'We still have questions not answered'

Published: 25 Oct 2012 15:30

Victims and those who were bereaved in the Enniskillen bombing deserve answers to their questions about what happened on that day, Margaret Veitch feels.

Jim Dixon and Margaret Veitch in discussion.

Jim Dixon and Margaret Veitch in discussion.

Margaret lost both her parents William and Nessie Mullan, proprietors of Mullan's well-known chemist's shop on Darling Street, in the Enniskillen bombing.

"Why should I move on until I get some kind of closure? We need to understand what happened and why it happened. The more we shout about things like the Bloody Sunday enquiry. The people involved there shouted, they spent £200 million and they got answers to their questions. I would like answers to my questions," she said.

"I feel I never wanted to be part of this. I hate it. But I owe it to my Dad and Mum never to forget what happened or I would feel they died in vain," she said. The pain caused by her parents' deaths never leaves her.

Margaret heard the awful news just as a holiday in Africa with her late husband Crawford was drawing to its close. As proprietor of Veitch's fashion shop on Belmore Street, she had won a window dressing competition.

"Just before I left, my Mum said, 'I wish you weren't going so far away'. I said, 'Mum, do not worry. We will not be gone before we are back. Where's Daddy?' 'Gone to walk the dog'. He did not want to say goodbye. The last I saw mum was at the kitchen door saying 'Have a lovely holiday'," she recalled.

"We were due home on Monday night. We had breakfast and Crawford lifted a newspaper. World news said 'Bomb in Enniskillen'. He was an awful panicker. They had reported six dead and 40 injured. Crawford phoned home and his sister told him the news. He did not tell me direct. He said my father and mother were very badly injured. I took him by the arm and said 'tell me the truth'. It was shock and horror and as if my life had ended. It was just dreadful," she said.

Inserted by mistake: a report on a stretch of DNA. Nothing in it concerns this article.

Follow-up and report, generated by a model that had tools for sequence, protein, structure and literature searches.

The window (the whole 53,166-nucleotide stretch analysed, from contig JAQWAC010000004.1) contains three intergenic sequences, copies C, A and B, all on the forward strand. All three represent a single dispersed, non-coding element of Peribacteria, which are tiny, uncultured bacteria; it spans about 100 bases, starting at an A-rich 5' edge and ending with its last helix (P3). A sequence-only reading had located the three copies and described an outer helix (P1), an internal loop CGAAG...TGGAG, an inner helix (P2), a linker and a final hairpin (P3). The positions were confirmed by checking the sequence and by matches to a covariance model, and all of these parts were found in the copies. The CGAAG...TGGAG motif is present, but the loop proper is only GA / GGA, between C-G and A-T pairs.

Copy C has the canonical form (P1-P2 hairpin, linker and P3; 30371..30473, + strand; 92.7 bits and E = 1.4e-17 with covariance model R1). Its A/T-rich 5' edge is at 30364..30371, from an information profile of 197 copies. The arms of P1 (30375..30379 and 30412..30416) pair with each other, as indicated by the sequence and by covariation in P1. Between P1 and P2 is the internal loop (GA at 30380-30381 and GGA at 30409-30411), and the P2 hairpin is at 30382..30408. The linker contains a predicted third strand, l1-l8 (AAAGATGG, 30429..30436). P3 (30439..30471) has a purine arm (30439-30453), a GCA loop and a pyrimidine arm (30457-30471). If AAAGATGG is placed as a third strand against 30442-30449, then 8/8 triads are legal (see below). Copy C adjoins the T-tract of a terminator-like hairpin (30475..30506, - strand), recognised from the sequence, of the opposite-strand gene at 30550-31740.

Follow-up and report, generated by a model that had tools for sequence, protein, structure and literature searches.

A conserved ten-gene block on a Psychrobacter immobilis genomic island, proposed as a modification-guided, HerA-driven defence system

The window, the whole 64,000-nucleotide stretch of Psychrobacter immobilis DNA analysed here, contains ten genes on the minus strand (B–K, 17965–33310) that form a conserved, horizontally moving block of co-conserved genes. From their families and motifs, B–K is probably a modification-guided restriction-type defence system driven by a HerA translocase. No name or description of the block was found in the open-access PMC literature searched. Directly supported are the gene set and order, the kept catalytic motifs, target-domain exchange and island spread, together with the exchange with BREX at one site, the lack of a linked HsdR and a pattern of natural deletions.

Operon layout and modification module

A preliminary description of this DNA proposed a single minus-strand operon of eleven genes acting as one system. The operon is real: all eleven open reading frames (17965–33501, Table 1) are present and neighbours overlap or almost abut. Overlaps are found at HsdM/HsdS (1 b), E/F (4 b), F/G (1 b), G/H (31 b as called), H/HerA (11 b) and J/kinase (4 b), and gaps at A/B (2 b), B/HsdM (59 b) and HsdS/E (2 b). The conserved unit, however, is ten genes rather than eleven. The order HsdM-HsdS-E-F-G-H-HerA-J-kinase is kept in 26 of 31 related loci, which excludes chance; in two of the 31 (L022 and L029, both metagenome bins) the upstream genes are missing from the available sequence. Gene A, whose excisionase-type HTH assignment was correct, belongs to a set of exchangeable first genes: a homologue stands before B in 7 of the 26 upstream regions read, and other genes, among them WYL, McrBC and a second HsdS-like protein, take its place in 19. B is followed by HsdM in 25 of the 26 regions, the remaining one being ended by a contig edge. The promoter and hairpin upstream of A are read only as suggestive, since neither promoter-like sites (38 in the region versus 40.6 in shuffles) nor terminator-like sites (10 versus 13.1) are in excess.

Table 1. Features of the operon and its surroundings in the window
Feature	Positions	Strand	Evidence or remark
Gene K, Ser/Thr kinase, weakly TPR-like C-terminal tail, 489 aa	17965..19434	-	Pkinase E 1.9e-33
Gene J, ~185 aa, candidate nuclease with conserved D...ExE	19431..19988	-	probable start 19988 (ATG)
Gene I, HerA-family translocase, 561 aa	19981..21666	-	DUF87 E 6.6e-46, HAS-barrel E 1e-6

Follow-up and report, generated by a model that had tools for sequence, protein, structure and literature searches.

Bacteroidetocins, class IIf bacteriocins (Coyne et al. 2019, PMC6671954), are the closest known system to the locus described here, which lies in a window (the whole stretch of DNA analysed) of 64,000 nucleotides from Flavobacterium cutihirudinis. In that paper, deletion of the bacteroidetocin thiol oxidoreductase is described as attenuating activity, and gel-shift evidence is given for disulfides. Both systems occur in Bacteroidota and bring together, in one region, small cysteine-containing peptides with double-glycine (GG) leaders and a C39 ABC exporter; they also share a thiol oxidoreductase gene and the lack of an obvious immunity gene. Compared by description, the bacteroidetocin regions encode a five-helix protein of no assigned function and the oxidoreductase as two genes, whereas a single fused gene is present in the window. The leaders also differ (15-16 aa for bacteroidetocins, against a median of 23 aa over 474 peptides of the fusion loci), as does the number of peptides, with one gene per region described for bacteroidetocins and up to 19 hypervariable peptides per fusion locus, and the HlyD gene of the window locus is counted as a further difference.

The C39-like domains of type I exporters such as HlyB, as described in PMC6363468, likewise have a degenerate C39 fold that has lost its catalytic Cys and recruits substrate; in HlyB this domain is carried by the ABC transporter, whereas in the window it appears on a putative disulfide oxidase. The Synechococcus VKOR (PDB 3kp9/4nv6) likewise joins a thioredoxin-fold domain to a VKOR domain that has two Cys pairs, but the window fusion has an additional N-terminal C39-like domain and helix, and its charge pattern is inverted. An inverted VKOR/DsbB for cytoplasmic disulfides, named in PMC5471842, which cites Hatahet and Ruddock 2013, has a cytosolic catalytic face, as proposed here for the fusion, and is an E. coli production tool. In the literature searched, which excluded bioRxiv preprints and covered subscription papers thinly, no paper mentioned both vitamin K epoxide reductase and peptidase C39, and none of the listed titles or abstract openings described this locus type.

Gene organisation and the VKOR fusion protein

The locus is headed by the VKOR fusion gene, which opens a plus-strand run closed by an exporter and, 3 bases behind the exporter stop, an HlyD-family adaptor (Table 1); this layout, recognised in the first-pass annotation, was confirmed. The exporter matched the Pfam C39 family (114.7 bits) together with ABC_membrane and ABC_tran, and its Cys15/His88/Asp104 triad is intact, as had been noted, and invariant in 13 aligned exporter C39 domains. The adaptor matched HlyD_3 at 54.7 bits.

The plane journey on the connecting flight from London to Belfast was terrible, surrounded by journalists flying over to cover the story and getting glimpses of newspapers which included photographs of her beloved parents.

She did not feel she could answer reporters' questions. An injured Gordon Wilson, who lost his daughter Marie, gave an interview to the BBC with his arm in a sling in which he said he forgave those involved. His words made global headlines and this took some pressure off others. "I could not comprehend what had happened. Gordon Wilson did take an awful lot of pressure off us. We did not know what to say. I was hurt. I was angry, so emotional. It is hard to describe how you feel. The best piece of advice my husband gave me was if you do not know what to say, say nothing," she said.

While the anniversary will be difficult, she and her family do not need significant dates to remember her parents.

"Every anniversary is bad but we don't need anniversaries to remember our parents. This 25th anniversary is very, very hard. It does not get any easier. I have life before the bomb and life after the bomb. I feel my parents missed out on an awful lot in their later years. They had worked hard. They did not live to see their grandchildren growing up," she said.

"It was just horrible. The shock and horror. It is in your heart for the rest of your life. That is what we will never get over," she said.

"I do not think we will ever get justice. It hurts me so much. The NIO and British Government do not care. Is it because if we speak out we are rocking the boat? We are not allowed to say too much, it might rock the peace process. We have had to move on. What do we move on to?" she asked.

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